October 18, 2020
In each of the last three seasons, the Philadelphia Eagles have been buyers at the trade deadline. In 2017, they traded for RB Jay Ajayi. In 2018, they traded for WR Golden Tate. And in 2019, they traded for DE Genard Avery.
In 2020, there's a good argument that the Eagles should be sellers at the deadline, since, you know, they are not a good football team. Selling would allow them to shed contracts of older players in decline, maximize the draft capital return on those players (the trade deadline has historically been a seller's market), allow for 2021 to be a rebuilding year, and attempt to seriously contend again in 2022 and beyond.
According to Jason LaCanfora of CBS, however, the Eagles are poised to be buyers once again.
The Eagles have had a slow start and been ravaged by injuries to certain position groups but remain very much alive in a brutal NFC East and are aggressively approaching the trade deadline, league sources said. General manager Howie Roseman is among the more proactive executives in the league and has already sent signals to multiple teams that he is interested in acquiring some of their talent if they are open to it.
"Howie is on the prowl already," one rival general manager said. "He's looking for action. If there is a trade to be made he'll do it. Bringing in a free agent from the outside is tougher now and more risky with COVID, and he loves to make trades anyway. I'll bet you anything he gets something done before the deadline." [cbssports.com]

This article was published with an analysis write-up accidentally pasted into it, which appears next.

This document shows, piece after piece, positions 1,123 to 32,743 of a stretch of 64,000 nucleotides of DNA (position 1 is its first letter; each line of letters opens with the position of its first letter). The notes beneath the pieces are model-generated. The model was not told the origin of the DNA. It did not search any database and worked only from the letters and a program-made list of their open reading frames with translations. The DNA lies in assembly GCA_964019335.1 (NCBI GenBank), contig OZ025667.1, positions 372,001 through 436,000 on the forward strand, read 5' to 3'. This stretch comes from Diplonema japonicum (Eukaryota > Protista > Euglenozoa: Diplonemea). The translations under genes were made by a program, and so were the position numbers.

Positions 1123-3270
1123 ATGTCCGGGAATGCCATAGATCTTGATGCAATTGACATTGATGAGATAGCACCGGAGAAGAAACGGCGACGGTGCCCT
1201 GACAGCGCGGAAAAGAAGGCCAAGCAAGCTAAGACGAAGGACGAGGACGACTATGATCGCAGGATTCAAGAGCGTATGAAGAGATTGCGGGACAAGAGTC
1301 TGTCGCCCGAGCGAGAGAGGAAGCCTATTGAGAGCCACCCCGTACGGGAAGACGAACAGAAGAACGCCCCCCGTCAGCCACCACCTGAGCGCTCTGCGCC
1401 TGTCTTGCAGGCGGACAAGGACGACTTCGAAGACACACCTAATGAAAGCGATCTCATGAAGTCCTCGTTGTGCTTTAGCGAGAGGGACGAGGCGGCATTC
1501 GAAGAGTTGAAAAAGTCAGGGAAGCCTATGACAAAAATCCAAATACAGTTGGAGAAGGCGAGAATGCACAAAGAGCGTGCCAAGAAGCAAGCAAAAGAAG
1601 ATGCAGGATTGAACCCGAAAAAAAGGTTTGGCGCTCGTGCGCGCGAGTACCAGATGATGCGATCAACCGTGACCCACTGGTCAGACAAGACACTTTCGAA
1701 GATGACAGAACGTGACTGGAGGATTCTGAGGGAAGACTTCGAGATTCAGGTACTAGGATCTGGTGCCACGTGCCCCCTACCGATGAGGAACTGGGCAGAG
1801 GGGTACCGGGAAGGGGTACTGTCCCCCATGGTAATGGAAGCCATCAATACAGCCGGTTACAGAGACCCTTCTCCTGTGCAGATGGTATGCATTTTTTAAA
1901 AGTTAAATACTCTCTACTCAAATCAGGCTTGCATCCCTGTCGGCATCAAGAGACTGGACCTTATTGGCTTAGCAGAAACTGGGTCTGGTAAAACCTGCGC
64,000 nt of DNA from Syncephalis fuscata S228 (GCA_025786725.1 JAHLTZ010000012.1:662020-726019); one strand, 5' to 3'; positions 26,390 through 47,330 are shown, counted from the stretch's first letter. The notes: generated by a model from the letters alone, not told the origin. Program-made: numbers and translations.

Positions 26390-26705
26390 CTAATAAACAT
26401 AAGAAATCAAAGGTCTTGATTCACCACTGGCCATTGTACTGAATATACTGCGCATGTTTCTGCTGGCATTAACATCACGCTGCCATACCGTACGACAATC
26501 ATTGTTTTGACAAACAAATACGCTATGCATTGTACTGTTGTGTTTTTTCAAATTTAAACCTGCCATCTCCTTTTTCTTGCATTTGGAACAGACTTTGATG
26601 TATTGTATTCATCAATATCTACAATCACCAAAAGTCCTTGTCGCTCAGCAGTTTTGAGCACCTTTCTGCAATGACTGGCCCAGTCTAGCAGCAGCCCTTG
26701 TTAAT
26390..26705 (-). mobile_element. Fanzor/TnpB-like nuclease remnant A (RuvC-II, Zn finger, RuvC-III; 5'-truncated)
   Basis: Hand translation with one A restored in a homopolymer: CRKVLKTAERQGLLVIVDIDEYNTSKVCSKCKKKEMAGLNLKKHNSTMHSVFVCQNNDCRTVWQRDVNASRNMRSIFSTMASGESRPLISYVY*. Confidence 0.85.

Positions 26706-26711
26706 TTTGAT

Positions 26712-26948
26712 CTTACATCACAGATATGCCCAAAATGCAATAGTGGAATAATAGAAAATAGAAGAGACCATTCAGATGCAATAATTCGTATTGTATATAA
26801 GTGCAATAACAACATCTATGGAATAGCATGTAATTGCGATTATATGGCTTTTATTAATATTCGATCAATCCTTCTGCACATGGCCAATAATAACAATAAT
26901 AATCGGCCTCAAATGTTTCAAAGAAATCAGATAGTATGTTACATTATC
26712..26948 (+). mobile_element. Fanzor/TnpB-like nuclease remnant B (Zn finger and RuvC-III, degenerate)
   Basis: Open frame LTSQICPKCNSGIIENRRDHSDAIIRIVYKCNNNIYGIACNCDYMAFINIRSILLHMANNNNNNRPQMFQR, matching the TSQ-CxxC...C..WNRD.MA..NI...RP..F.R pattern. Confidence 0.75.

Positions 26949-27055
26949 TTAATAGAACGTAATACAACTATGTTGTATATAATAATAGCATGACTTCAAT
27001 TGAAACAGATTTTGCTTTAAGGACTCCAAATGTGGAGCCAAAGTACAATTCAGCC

Of course, the horrid NFC East is winnable again this season because the New York Giants and the Washington Football Team are both bottom five NFL franchises, and the 2-3 Dallas Cowboys lost Dak Prescott for the season for a broken and dislocated ankle.
As we noted earlier this week, since the Eagles won the Super Bowl in 2017, they have steadily gotten worse and worse as a football team, while also becoming older, more prone to injury, and more cap constrained, with fewer young players making an impact.
The window for this roster to contend for a Super Bowl is closed. We all saw what a championship team looked like in 2017, and very clearly, this isn't it, or close in any way. Sacrificing valuable draft assets to attempt to win the worst division (by far) in football, in the hopes that "anything can happen in the playoffs" would be a delusional overvaluing of what this roster is capable of this season, and is only going to further weaken their chances of adding good, young, cheap talent down the line.